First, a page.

A deleted post from Wireservice suggested that filming was back underway in February 2014 (it’s entirely feasible this was just an error), but there’s scant record of this elsewhere. If anything, it looked as if the film never got going again. And given what happened next, there were clearly problems. For by June 2014, the aforementioned lawsuit had been filed, and Evan Rachel Wood was firmly in its crosshairs.
The suit – that cited Evan Rachel Wood and As You Wish Productions Inc (‘a loan out company that provides Wood’s professional services’) – alleged that Wood had been paid $300,000 to star in the film, but “seemingly changed her mind about desiring to complete the film during principal photography, ultimately refusing without any legal justification to fulfil her contractual obligations and instead opting to walk out on the project”.
It noted that she completed four weeks of initial filming, and that she “expressly represented to Producer that, for personal reasons, she was unable and unwilling to continue with principal photography at present time and would be unable to recommence principal photography until approximately November 2013.”
The suit then alleged that Wood wouldn’t return, “simply disclaiming any desire to fulfil her contractual obligations altogether.” It then demanded $30 million and a trial by jury. We’re no lawyers, but that looked a bit ambitious to us.
Wood’s response was swift and resolute. In a statement to the Hollywood Reporter, she called the suit a “preposterous and simply a bullying tactic from financially troubled producers,” alleging that “the production shut down in February 2013, when the producers ran out of money.”
Certainly that’d tie in with the problems that the aforementioned Intandem were having, but again, we’re no lawyers.
Wood’s statement continued, adding “even after that, Evan agreed to resume production in Nov. 2013, by which time the producers said they would have cleared up their issues. However, the producers still could not get their act together, nor did they pay Evan money that was owed.”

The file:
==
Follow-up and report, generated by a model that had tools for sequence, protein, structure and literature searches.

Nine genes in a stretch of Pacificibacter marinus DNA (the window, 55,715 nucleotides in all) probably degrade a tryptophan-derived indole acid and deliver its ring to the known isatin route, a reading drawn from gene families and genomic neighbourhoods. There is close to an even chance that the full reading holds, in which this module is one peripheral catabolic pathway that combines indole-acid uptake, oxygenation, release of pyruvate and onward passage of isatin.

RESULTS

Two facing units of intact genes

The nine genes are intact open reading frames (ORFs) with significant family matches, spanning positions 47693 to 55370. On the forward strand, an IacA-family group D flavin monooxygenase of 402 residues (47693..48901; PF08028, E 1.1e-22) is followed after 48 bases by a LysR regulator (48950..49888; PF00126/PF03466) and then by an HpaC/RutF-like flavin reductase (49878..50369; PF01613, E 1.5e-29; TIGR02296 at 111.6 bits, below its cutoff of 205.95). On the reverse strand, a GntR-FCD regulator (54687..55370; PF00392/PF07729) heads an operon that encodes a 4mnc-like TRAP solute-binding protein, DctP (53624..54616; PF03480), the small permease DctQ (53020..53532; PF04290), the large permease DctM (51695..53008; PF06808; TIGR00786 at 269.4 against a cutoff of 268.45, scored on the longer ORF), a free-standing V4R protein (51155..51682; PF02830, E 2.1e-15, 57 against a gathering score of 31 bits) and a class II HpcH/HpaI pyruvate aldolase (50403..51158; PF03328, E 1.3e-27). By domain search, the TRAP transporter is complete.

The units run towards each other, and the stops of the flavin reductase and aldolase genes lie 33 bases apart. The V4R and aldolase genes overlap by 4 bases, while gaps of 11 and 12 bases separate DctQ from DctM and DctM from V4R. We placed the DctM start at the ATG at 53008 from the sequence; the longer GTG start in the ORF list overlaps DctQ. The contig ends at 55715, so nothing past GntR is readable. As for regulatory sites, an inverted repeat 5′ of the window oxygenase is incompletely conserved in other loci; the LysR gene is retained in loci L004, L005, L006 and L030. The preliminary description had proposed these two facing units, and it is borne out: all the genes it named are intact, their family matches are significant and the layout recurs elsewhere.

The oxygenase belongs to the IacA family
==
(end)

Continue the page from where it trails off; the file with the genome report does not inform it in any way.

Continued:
“Enough is enough,” it concludes. “The producers, not Evan, have breached contract.”
And that’s where the trail runs dry. We’ve tried contacting Vision Pictures and representation for Gil Junger, but received no reply. We will update this article if and when we do.
Interestingly, there’s no sign of the court case on the California Superior Court website, and the litigation appears to have fizzled out. Certainly there have been no filings or ruling sinces, and even appreciating how slowly the legal system can be, it seems as though both sides fired their arguments, and not much else happened.
As for the film? Well, at least some of it exists.
Vision Films still lists it on its website, with an approximate 90 minute running time, and it has a full trailer for the movie. Is that 90 minute listing just a holding number, or is there a rough cut somewhere? Given the amount of filming yet to be completed, almost certainly the former.
Here’s a trailer…
The site also has a synopsis too, and notes a 2014 date on it. But – as you may have noticed – the movie hasn’t appeared.
From our own digging, it seems that there’s not a completed film here. Furthermore, if the plan is to revive the project, there’s clearly little chance now of luring Evan Rachel Wood back to it, and it’d have to go back to square one, including reshooting the four weeks of material that’s already in the proverbial can. In fact, even if Wood were somehow persuaded to return, there’s the small matter of who’s going to pay for the rest of the film. We understand that 10 Things I Hate About Life has made a couple of trips to the aforementioned American Film Market, but the required investment hasn’t been forthcoming. There’s a strong chance it never will. Evan Rachel Wood is now one of the stars of the hit TV series, Westworld.
As for Junger and producer Andrew Lazar, they’re now working on a film called Dog’s Best Friend, that Variety reported started shooting in October. Junger penned the script, and there’s an eye on a franchise here. He also helmed last year’s straight to DVD movie, Santa’s Little Helper, that was shot after 10 Things I Hate About Life first went before the cameras.
It’s hard to conclude anything but that the fate of this movie is grim, and that we’ll never see it. But we’ll update this should it suddenly come back to, well, life…